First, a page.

I know this has been talked about already:
But i couldn't help it. I feel like its all related and part of the same enigma.
"I think that there's a lot of people more concerned about being precisely, factually and semantically correct than about being morally right."
I'm not normally "anti-liberal", but when people talk like this, i cant help but think like this:
"Facts are stubborn things; and whatever may be our wishes, our inclinations, or the dictates of our passions, they cannot alter the state of facts and evidence."
It is our duty to put aside our beliefs and desires, our limited scope of understanding and our narrow experience to pursue what is factually correct and harmonious with our ethical and moral beliefs which dictate the spirit of our government.
The conundrum is these two things are not mutually exclusive but literally one can dictate the other. You cannot have a morally aligned conversation without precise, factually and semantically correct because you are then forgoing truth in pursuit of your poorly informed "moral" beliefs. This statement is oxymoronic.
I appreciate Shapiro's perspective and i would like to add another perspective. As you know I've been on a Isabel Paterson (https://fee.org/media/22562/paterson-isabel-godofthemachine.pdf. - pg 96) kick lately. I think this falls under the whole "gender/age/identity fluidity/politics" arguments. I think there are other way to go about getting what you want besides manipulating language. Isabel Patterson below:
But the Marxist terminology reduces verbal expression
to literal nonsense on the basis of fact and usage 5 this is not
obvious gibberish, nor the humorous nonsense which will
sometimes elucidate an intrinsic difficulty of expression or
indicate a gap in knowledge, but arrangements of words according to the rules of grammar, in which each word taken separately has a customary meaning, but which in the given sequence, the sentence, mean nothing at all. For example, let it be said that: "An isosceles triangle is green." The several words are in common use, and as parts of speech they are
placed in proper order 5 but the whole statement is absurd.
That is bad enough, but it would be rather worse if one
spoke of the "roundness of a triangle." The phrase "dictatorship of the proletariat" is like the "roundness of a triangle," a contradiction in terms. It has no meaning. The
theory of "dialectical materialism" is a misuse of terms of
the same type as the statement that an isosceles triangle is
@EVoCeO Nothing wrong with "an isosceles triangle is green." "All isosceles triangles are green" is certainly problematic however.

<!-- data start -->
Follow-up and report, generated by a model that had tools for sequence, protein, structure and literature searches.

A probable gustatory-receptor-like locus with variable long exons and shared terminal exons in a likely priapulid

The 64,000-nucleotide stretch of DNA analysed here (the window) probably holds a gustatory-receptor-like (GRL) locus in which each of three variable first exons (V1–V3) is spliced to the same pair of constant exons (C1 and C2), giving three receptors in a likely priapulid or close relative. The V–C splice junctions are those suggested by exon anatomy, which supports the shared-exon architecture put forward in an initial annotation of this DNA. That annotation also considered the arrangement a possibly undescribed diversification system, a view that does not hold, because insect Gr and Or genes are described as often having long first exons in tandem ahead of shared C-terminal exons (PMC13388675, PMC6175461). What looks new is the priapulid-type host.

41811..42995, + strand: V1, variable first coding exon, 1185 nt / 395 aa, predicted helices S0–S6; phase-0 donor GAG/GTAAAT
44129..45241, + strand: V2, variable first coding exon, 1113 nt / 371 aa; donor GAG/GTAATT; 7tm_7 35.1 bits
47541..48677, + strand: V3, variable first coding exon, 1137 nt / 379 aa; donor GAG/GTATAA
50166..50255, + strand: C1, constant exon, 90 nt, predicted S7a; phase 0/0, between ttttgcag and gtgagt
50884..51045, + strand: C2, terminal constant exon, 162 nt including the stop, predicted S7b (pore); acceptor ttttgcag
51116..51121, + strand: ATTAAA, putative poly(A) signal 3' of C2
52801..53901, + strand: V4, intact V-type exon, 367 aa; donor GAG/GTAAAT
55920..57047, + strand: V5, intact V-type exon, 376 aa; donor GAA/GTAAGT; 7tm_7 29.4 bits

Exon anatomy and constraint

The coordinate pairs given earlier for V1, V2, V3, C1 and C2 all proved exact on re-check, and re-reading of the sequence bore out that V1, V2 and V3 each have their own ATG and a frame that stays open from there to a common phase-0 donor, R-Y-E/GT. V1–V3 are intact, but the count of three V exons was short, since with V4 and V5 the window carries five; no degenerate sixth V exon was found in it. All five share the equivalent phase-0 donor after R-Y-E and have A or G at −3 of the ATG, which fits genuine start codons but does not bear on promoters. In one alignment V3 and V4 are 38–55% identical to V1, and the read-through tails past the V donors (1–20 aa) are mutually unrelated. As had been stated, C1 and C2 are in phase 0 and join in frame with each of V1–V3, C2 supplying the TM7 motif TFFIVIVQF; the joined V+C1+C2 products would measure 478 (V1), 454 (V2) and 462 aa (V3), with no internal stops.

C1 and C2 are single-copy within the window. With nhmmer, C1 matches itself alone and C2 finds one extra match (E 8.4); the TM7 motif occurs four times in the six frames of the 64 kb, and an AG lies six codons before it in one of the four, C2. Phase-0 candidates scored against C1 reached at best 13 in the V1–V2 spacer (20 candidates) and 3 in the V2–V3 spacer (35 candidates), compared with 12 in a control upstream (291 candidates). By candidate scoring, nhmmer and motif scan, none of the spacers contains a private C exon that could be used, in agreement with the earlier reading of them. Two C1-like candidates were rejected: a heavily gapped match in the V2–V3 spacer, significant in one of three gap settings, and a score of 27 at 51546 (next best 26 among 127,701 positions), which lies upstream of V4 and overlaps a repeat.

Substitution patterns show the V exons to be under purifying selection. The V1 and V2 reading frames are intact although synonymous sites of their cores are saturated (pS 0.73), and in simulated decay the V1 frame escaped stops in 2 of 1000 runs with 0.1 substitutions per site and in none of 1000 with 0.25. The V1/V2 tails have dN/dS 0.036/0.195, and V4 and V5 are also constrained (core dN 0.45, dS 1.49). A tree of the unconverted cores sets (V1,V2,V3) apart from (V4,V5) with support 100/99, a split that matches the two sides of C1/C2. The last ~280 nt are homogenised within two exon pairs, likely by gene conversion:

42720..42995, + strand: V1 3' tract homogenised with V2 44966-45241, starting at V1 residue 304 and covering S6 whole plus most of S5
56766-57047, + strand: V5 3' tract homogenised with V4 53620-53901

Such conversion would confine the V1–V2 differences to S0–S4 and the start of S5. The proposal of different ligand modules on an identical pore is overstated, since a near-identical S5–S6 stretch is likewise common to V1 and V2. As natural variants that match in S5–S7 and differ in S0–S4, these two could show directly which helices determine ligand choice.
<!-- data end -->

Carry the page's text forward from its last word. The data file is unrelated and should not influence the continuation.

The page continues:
@EVoCeO I am saying that her contention that the statement is absurd is incorrect. An isosceles triangle may be any colour, including green. I've no interest in following it after that.
@vaughan maybe I didn’t include enough of the excerpt but ultimately her rational is not talking about the factual obviousness of shapes and color but the absurdity of equating in arguments as if they can be different and the same simultaneously. Kind of an apples and oranges argument. More so the desire to argue that apples and oranges, by some strange, erroneous, reason should now both be called bananas.
It’s a great book and I highly recommend it. Free!!
@EVoCeO you can talk about the "roundness of a triangle" if it's useful to do so: Not all triangles have straight sides. Up to a change in axiom's, you can have some pretty funny looking triangles that function as triangles when you need them.
Anyway, the point about the impossibility of meaningful discourse without an appreciation for *truth* is obvious, but bears repeating. I don't see a strong relation to the rest of your post though.
@2ck I think the reason she used shapes is because they in fact are finite and agreed upon mathematical definitions. Triangles do not have round edges or sides. Or it is not a triangle. My observation is feelings do not change axioms.
@EVoCeO when did you last have a geometry course? https://en.m.wikipedia.org/wiki/Hyperbolic_triangle
@2ck ha!! the name Hyperbolic triangle makes the point, i think. clearly not just a triangle anymore, but think you're getting away from Isabels point. The argument is not about geometry but the manipulation of language for selfish gain or to manipulate and confuse people. You should read it tho. Great book.
QOTO: Question Others to Teach Ourselves
An inclusive, Academic Freedom, instance
All cultures welcome.
Hate speech and harassment strictly forbidden.